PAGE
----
Number of Female CEOs in the Fortune 500 Hits All-Time Record

May 19, 2020 by Dan McCue
General Motors Chairman and CEO Mary Barra talks with media prior to the start of the 2017 General Motors Company Annual Meeting of Stockholders at GM Global Headquarters in Detroit, Michigan. (Photo by John F. Martin for General Motors)

The number of women running America’s largest corporations has reached a record high with 37 of the companies on this year’s Fortune 500 being led by female CEOs, Fortune magazine announced on Monday.

The Fortune 500, which ranks America’s largest companies, has long been looked to as a reliable annual assessment of the state of U.S. business.

In recent years, the growing number of companies with female chief executives included in the ranking has been closely followed by those who examine gender diversity in the workplace and in the nation’s board rooms.

This year’s total surpasses last year’s 33 female CEOs, which itself was a record. What’s particularly notable is the recent acceleration in the number of women CEOs.

Twenty years ago, only two of the 500 companies on the list had women CEOs, and it was only four years ago that the number topped 30.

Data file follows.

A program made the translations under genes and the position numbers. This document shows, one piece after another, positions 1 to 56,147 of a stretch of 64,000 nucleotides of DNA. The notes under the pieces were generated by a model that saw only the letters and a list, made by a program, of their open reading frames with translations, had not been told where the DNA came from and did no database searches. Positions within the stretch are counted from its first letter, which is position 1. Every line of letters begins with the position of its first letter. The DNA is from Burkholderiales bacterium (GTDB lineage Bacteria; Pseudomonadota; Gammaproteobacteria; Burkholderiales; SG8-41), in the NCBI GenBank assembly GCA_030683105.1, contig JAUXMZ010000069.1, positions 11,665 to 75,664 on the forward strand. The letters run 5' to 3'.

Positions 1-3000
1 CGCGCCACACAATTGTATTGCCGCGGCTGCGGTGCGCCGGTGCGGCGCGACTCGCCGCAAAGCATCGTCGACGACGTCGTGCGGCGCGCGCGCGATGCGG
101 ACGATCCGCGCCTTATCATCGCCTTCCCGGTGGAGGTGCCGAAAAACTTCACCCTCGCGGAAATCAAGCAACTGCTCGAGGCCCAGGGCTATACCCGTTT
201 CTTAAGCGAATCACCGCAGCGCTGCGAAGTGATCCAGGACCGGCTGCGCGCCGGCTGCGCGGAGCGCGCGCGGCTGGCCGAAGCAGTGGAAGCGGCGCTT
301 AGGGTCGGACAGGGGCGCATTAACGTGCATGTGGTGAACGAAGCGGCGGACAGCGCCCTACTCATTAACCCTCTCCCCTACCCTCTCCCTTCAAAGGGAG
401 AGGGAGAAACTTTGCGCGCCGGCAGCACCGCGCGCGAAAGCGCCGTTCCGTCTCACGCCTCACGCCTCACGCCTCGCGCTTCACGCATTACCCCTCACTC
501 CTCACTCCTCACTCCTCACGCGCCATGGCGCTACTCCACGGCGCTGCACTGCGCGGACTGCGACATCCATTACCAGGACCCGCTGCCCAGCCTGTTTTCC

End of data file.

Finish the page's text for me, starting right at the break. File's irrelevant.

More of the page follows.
While that’s encouraging, women run just 7.4% of the 500 businesses on the ranking.

Fortune said the number of women at the helm of the 500 companies on its list is influenced by a number of factors ranging from executive leadership changes to new companies growing and making the list while others fall off.

Among this year’s new additions to the list are women who took over Fortune 500 companies from male predecessors in the past year.

These include:

  • Carol Tomé, a longtime Home Depot executive, who will begin her run as CEO of UPS on June 1.
  • Heyward Donigan, a veteran health care executive, who became CEO of Rite Aid in August 2019;
  • Sonia Syngal, who was promoted to run Gap Inc. after it walked back a plan to spin off Old Navy;
  • Kristin C. Peck, who became chief executive of the $6.3 billion animal health company Zoetis in January; and,
  • Jennifer Johnson, who took over her family business, the $5.8 billion investment manager Franklin Resources, from her brother in February.

Some women among the group of 37 are leaders of companies that broke into the Fortune 500 for the first time this year (the revenue threshold for a company to make the list was $5.7 billion).

That group includes:

  • Barbara R. Smith, CEO of $5.8 billion materials business Commercial Metals; and
  • Nazzic S. Keene, CEO of the $6.4 billion government information technology company Science Applications International.

If there’s a problem with the list, Fortune says it’s a lack of racial diversity.

Only three of the 37 are women of color: Gap Inc.’s Syngal, Advanced Micro Devices CEO Lisa Su, and Yum China CEO Joey Wat.

There are no black or Latina women among the 37, the lone black woman on last year’s list, Mary Winston, interim CEO of Bed, Bath, and Beyond, having since been replaced with a male CEO.

Fortune also noted that only seven women run Fortune 100 companies: Mary Barra, CEO of the $137 billion auto giant General Motors, runs the largest.